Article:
Monday, January 9, 2017

Energy budgets

Say your personal energy was a dollar amount, and every activity you do spends some of that.  Let's start with getting out of bed: you just spent $2.  Showering is $4, brushing your teeth is another $3.  Getting dressed is $3 if you're a guy, $4 if you're a gal (bras are awkward and take a lot of wiggling).  You've spent $10-$11 before you've even left your bedroom. 

If you've got kids, getting them up, dressed, and breakfast and lunch fixed is another $5 (when they're cooperative.  If they're not, you may spend up to $15 or $20 on this).  Getting your own breakfast is another $2 (but gives you back $1.50.  Eventually).  So, figure another $5.50 to $25 to that $10-11 you've already spent. 

Getting out the door with the kids is another $1 (if they're cooperative), and then your workday starts.  You'll spend something between $30-$40 at work (assuming you work full-time, and assuming lunch gives energy back--otherwise, you may spend up to $50).  Your running total of energy spent is around $45-$76 by the time you've left work, picked up the kids, and gotten home. 

Supper takes between $2 (takeout) and $10 (cooking for family without preplanning) to make (but again, gives back most of that).  Bedtime routines take $2, if the kids don't fight, and $10 if they do.  So, between $4-15, coming up to $49-$91 by the time you get the kids to bed.  And then, you either do housework, or your evening is yours.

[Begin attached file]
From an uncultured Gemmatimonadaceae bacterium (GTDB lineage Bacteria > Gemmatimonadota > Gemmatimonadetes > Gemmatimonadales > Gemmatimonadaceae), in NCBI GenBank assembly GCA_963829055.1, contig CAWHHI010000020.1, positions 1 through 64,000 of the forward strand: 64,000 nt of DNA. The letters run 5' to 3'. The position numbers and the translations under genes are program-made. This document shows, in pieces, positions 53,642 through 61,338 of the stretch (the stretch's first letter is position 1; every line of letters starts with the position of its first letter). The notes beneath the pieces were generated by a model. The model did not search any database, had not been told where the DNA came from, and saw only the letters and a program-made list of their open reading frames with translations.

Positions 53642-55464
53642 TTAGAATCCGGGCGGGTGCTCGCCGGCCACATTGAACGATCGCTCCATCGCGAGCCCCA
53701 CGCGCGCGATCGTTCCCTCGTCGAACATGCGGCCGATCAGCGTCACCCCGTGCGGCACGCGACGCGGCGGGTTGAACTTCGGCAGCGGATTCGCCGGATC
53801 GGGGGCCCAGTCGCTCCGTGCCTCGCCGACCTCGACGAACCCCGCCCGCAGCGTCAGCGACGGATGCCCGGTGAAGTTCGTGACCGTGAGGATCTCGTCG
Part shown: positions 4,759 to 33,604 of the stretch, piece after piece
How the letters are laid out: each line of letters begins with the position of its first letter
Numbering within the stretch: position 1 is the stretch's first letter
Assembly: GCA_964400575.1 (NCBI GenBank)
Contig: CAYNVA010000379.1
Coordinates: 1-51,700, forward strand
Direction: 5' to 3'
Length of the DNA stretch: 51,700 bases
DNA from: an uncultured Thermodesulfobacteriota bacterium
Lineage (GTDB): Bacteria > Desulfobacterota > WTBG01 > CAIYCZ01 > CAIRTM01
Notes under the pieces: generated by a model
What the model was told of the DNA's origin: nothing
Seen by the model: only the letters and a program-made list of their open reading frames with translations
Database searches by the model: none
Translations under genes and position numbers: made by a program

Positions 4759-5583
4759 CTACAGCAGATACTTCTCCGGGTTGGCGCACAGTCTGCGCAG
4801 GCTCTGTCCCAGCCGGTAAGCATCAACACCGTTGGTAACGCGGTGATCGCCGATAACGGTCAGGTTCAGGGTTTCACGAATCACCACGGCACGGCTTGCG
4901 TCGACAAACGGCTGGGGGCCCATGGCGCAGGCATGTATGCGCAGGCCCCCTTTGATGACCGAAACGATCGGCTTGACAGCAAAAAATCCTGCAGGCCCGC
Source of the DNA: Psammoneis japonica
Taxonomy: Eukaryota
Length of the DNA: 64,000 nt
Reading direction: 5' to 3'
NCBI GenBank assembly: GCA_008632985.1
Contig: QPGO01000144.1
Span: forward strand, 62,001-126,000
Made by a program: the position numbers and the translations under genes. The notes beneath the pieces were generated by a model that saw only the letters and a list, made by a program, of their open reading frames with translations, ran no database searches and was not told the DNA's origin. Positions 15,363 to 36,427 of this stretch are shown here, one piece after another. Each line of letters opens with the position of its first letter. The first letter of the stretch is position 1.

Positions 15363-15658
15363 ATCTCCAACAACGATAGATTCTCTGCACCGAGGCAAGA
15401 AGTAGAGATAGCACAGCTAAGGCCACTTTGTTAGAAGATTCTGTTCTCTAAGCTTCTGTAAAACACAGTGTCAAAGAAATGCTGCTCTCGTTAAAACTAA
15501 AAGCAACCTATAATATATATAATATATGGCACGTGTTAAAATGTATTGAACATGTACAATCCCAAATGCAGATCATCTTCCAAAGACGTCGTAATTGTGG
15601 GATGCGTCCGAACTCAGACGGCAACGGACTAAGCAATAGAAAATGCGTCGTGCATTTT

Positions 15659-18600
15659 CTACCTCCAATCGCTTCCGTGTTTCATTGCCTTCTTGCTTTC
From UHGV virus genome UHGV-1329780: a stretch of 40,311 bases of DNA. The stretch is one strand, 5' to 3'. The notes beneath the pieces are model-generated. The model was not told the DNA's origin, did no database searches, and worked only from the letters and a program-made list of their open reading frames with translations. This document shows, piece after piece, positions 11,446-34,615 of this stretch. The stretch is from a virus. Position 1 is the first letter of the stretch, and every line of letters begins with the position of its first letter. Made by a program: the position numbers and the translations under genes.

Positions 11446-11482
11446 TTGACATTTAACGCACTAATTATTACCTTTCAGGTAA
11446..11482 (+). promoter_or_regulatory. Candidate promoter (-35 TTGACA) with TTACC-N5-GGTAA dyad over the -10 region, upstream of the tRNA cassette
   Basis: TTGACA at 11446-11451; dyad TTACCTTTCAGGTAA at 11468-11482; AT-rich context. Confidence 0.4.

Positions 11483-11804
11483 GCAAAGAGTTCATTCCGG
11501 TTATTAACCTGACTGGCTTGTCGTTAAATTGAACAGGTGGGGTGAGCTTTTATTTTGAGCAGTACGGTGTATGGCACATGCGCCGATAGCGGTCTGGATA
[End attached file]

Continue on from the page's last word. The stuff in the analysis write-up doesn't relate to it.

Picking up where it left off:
Typically, shopping takes $5-$15, depending on how much, how many people are around, and what time of day it is.  Fifteen minutes of housework takes $15-$30, depending on how heavy the work is. 

Even mental work takes up $5-$15.  If you're a full-time teacher, you're spending $50-$75, depending on the age of your classroom.  Part time, you're still spending $25 or a bit more on high energy days (like topic selection days in Freshman Composition classes). 

Most people don't think about their energy budget.  They start out with around $100 worth of energy when they wake up (or shortly thereafter). 

Before I had kids, I typically started with around $110.  Just after I had the imp, before I was diagnosed with the hypothyroid disorder I developed post-partum, I woke up with $85.  Now, with CFS/ME?  I wake up with around $40.

Energy gets budgeted very carefully.  Because if I overspend, I'm dealing with $20-$30 of overdraft fees before I even get out of bed.

It sucks, but that's life. 

I'm gonna finish my coffee.


  1. Wait til you hit your sixties. There are days when you get out of bed and the account is already overdrawn.

    1. Don't have to wait. My account's been overdrawn for the past two days. And I had to get up and go anyway. Such is life.

      And like I told the doc yesterday when she started pushing antidepressants: I'm frustrated, not depressed. And I don't want something that I know from past experience doesn't just not work, but makes things worse.

    2. Good for you! Sounds like the doc is trying to take the easy way out. Husbanding (wifing?) the available assets is always hard. Medical issues only exacerbate the issue. That you are able to deal with it is a tribute to your inner strength.

    3. I can do anything I have to do. Thanks for the support.

  2. I can only imagine it will get worse, all these new electric cars using up power from the grid, only thing is how many power plants have been built to compensate rising cost, hmm.....

    1. Don't know that your body can build new power plants, but interesting analogy.